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New ERP On-Board Units Will Be Installed From 1 Nov, Touchscreen Display Not Compulsory

Drivers Will Be Notified By LTA When They Can Install New ERP On-Board Units

Like it or loathe it, Singapore’s Electronic Road Pricing (ERP) system has been a fixture on our roads for 25 years.

Thus, the authorities have decided that it’s time for an upgrade to new ERP on-board units (OBUs).

These will progressively be installed from next Wednesday (1 Nov).

One of the components, the touchscreen display, isn’t compulsory.

ERP on-board units will replace existing in-vehicle units

In a news release on Monday (23 Oct), the Land Transport Authority (LTA) said the new OBUs will be installed in phases from 1 Nov.

First up will be fleet vehicles that are registered to either a company or an organisation.

The new OBUs will replace the existing in-vehicle unit and will run on a Global Navigation Satellite System (GNSS)-based system dubbed “ERP 2.0”.

Private vehicle owners will be notified when it’s their turn

Private vehicle owners, which ostensibly comprise the bulk of vehicle owners in Singapore, will be notified by LTA when it’s their turn to get an OBU.

They will be scheduled for installation in batches, based on the age of the vehicles.

Instructions will be provided on how to schedule an installation appointment, with the installation free of charge to all eligible Singapore-registered vehicles.

However, they must complete the installation within two months, LTA said. More details will be announced early next year.

From the first quarter of next year, new vehicles will also come with the new OBU fitted.

ERP on-board units will have 3 components

The new OBU will have three components — a processing unit, an antenna, and a touchscreen display.

Source: Land Transport Authority

The processing unit is where a valid contactless smart card is inserted for payment.

Source: Land Transport Authority – We Keep Your World Moving on Facebook

The antenna must be mounted on the windscreen together with a touchscreen display.

Source: Land Transport Authority – We Keep Your World Moving on Facebook

According to the LTA, the touchscreen display will provide motorists with ERP-related information like charges and card balance as well as road and traffic updates.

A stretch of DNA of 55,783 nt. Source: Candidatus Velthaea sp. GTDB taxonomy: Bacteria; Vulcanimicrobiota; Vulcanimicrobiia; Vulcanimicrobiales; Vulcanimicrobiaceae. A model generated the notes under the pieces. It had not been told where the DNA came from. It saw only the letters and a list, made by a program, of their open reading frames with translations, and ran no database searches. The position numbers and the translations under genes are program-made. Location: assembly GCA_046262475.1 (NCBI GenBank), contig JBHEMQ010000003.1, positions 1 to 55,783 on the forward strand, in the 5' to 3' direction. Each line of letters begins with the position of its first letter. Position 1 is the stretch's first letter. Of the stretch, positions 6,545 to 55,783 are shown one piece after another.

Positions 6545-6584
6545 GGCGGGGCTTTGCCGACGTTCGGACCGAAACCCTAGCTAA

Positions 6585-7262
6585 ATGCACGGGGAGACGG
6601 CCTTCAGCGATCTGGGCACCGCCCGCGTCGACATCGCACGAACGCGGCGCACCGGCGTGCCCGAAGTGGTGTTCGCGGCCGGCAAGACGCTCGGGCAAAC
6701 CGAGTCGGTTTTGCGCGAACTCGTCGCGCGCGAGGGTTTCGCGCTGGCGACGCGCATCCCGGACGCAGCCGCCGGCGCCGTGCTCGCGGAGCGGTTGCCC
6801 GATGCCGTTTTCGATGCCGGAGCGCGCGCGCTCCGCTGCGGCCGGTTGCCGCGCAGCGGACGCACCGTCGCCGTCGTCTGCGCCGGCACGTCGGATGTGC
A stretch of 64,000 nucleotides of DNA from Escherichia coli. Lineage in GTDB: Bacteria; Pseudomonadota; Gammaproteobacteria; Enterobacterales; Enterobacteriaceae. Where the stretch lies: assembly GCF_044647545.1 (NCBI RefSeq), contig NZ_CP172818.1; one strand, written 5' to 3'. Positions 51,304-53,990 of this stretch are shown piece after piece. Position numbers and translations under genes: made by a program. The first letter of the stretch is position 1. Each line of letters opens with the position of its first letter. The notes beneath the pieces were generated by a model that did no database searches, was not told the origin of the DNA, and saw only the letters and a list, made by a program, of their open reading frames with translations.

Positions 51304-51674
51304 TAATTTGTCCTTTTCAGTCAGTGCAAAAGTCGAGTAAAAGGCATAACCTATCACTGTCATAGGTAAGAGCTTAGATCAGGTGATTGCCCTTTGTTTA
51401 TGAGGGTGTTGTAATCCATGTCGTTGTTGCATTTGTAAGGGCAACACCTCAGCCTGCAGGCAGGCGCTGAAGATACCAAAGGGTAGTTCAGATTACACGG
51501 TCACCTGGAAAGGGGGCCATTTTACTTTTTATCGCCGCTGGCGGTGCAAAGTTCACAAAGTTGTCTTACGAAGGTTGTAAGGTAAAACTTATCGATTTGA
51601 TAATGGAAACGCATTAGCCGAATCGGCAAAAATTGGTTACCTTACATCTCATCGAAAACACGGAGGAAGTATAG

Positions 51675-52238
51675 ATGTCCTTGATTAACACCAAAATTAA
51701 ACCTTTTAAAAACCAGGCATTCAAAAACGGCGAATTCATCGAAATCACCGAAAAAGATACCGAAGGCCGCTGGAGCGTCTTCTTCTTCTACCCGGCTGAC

When the transition to ERP 2.0 is completed by the end of 2025, the touchscreen display will be able to support additional features.

They may provide useful information such as real-time traffic alerts, payment of roadside parking, and tolls at the checkpoints.

Touchscreen display not compulsory: LTA

The touchscreen display, however, is not compulsory and motorists may opt out of installing it, LTA said.

This comes in response to public feedback.

An OBU without the touchscreen display installed. Source: Land Transport Authority

LTA nevertheless advised drivers to install the full OBU, though, saying,

Those without the touchscreen display will be able to access key information via mobile apps on their smartphones.

Motorcyclists’ on-board units will have 1 piece

Motorcyclists will get the new OBU too — with its three components combined into one piece.

This will be mounted on the motorbike handlebars.

Source: Land Transport Authority

As the single-piece OBU is built for outdoor conditions, it can’t be used in the warm enclosed environment of cars, LTA said.

No change to how ERP is charged for now: LTA

As we transition into new OBUs, some motorists may worry that they might end up paying more ERP.

To that, LTA said there will be no change to how motorists are currently charged for ERP during the transition period.

There are also no immediate plans to introduce distance-based charging.

After the transition period, the familiar ERP gantries will be gradually removed.

When that happens, ERP charging locations will be clearly indicated in other ways that LTA is currently studying.

Also read: ERP Rates At 3 Locations Increasing By S$1, KPE Gantry After Defu Flyover Charges S$6

Have news you must share? Get in touch with us via email at news@mustsharenews.com.

Featured image adapted from Motorist.sg and Motorist.sg

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